There are 22 bills related to guns pending in the Ohio Legislature right now. It’s hard to predict what might happen to them after the deadly Florida school shooting last week and Gov. John Kasich’s new willingness to embrace some gun regulations.

Republican Senate President Larry Obhof isn’t saying what will happen with gun bills in the days following the deaths of 17 people at a high school in Florida. But he says lawmakers are considering ways to beef up security in Ohio’s schools.

photo of chart of run running ring
JOE HERNANDEZ / WHYY

Prosecutors in New Jersey are charging a group of seven men with buying guns in Ohio, driving them to Camden, and selling them illegally.

State and federal authorities seized 17 firearms as part of the operation, which pales in comparison to the thousands of guns taken during gun buybacks.

But New Jersey Attorney General Gurbir Grewal says these weapons run a higher risk of doing more harm.

Seven Charged in Gun-Running from Ohio to New Jersey

Feb 15, 2018
chart of gun-running ring
JOE HERNANDEZ / WHYY

Law enforcement officials in New Jersey say a group of seven men bought guns in Ohio and drove them to Camden, where they sold them on the street.

As WHYY's Joe Hernandez reports, the defendants are facing racketeering charges.

The alleged leader of this ring was 25-year-old Chucky Scott of Columbus. Officials say he picked out guns in stores and online, had a friend buy them and then drove the guns to Camden where he had a handful of men would resell them.

photo of Cliff Rosenberger and Fred Strahorn
STATEHOUSE NEWS BUREAU

In recent Sunday morning TV appearances and in a nationally distributed op-ed, Gov. John Kasich has advocated bringing both sides together to find common ground on guns. But had the leaders of the Ohio House spoken to Kasich about the issue?

The majority led by Republican House Speaker Cliff Rosenberger has pushed for expansion of gun owners’ rights. Rosenberger says he appreciates the governor’s approach to try to find something to agree on.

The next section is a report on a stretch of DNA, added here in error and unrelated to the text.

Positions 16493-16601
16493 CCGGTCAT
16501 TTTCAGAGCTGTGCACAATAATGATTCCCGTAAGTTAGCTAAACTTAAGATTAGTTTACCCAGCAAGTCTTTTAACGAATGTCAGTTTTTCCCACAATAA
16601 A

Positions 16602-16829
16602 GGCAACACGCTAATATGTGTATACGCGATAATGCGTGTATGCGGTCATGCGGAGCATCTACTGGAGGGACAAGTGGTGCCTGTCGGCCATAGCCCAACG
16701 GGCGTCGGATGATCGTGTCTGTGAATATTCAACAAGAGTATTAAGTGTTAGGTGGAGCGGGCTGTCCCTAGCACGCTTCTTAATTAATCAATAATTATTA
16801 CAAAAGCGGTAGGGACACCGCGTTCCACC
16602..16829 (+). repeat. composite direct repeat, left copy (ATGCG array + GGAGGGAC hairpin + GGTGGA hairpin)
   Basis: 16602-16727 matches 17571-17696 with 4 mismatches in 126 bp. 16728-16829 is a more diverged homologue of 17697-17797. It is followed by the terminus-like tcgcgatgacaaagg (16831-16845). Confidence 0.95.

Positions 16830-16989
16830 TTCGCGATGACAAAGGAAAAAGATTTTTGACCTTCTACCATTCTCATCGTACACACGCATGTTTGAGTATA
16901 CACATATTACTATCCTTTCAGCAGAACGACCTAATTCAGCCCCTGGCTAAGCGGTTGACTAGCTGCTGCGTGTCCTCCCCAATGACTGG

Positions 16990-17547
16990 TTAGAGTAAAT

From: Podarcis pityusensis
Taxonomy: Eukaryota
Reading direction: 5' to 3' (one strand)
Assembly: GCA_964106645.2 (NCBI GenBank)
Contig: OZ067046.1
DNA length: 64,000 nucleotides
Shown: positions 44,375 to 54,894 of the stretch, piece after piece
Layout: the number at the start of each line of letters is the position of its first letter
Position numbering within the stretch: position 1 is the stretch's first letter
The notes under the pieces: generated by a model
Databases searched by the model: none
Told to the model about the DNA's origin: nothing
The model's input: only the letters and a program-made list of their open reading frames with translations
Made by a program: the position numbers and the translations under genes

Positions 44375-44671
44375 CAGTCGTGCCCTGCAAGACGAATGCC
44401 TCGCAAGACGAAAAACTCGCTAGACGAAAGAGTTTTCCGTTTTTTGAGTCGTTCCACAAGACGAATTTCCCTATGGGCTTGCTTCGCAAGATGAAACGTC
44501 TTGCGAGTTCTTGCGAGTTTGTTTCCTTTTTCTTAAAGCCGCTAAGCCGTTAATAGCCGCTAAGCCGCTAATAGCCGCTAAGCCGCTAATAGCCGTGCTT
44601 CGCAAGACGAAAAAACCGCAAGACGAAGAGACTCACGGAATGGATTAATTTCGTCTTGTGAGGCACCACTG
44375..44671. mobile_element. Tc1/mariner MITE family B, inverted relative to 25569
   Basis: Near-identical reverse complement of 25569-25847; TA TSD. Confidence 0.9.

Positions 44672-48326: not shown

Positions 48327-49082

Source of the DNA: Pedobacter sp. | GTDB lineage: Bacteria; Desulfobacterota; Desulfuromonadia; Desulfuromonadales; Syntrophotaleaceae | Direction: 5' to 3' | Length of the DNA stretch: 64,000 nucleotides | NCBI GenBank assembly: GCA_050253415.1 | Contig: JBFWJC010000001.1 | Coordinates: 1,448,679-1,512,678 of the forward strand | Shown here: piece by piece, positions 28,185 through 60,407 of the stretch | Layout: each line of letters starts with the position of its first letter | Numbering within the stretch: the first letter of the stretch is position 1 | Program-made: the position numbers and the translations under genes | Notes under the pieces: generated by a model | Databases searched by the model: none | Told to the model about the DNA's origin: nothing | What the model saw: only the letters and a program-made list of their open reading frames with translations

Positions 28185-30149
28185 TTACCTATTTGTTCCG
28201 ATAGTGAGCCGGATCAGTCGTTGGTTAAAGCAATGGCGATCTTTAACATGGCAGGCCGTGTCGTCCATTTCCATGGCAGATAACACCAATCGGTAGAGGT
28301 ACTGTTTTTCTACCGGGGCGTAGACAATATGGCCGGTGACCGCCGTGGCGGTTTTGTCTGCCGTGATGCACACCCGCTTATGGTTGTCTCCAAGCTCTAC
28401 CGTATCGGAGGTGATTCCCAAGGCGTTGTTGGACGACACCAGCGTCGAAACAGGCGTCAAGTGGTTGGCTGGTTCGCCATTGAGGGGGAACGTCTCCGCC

Picture of Sherrod Brown
Andy Chow / STATEHOUSE NEWS BUREAU

The White House has chided talk of gun control this week, claiming it’s too soon to talk about policy in the wake of the Vegas massacre. One top Democrat in Ohio says if not now, when?

U.S. Senator Sherrod Brown is calling for a ban on "bump stocks", which can make semi-automatic rifles replicate fully automatics and may have been used by the Vegas gunman.

Brown says other issues should also be taken up, such as a federal waiting period and a gun buying ban for people on the terrorist watch.

Ohio gun laws
KABIR BHATIA / WKSU

A group advocating for gun control is planning to protest Wednesday at the Summit County Fair to try to stop the fairgrounds from being used throughout the year for private gun shows.

Summit County Progressive Democrats have been protesting at the fairgrounds for years, saying such shows around the nation facilitate sales of weapons to customers without background checks.

photo of gun-free zone
ANDY CHOW / STATEHOUSE NEWS BUREAU

State lawmakers are considering a bill that would allow people to carry concealed weapons into gun-free zones without being criminally liable.

The Republican-sponsored bill would let concealed-carry permit holders take their guns into gun-free zones including restaurants, schools and courthouses as long as they’re not caught. If they are caught and if they leave immediately, they won't face criminal charges.

Protest in Oberlin 2013
KABIR BHATIA / WKSU

The Republican National Convention starts in just about two weeks  in Cleveland. The city has spent more than a year planning for security around the RNC. But it  has very little say about whether people can bring their guns to Cleveland. 

The city of Cleveland’s list of items banned from downtown during the convention includes tennis balls, grappling hooks and canned goods.

But not guns.

a photo of Rob Portman
WKSU

Ohio’s U.S. Sen. Rob Portman says he has not changed his position and continues to believe Republicans came up with the best plan to keep terrorists from getting guns. 

Portman said this week he believes there can be a bill both Republicans and Democrats would support to block people on the terrorist-watch and no-fly lists from legally buying guns. The Senate turned down two proposals to do that in December.

 Janine Boyd and Nickie Antonio
OHIO PUBLIC RADIO

A northeast Ohio man accused of shooting and killing his wife and then himself had been ordered by a judge to stay away from her after threatening to kill her. Now some Democratic state lawmakers are urging passage of a bill they say would make it harder for people convicted of domestic violence to own guns.

Democratic Rep. Nickie Antonio of Lakewood says her proposal would force people convicted of domestic violence to turn their guns over to authorities.

Ohio gun laws
KABIR BHATIA / WKSU

  President Obama’s executive orders on gun regulations have people on both sides of the issue asking about Ohio’s gun laws. Statehouse correspondent Karen Kasler has an overview.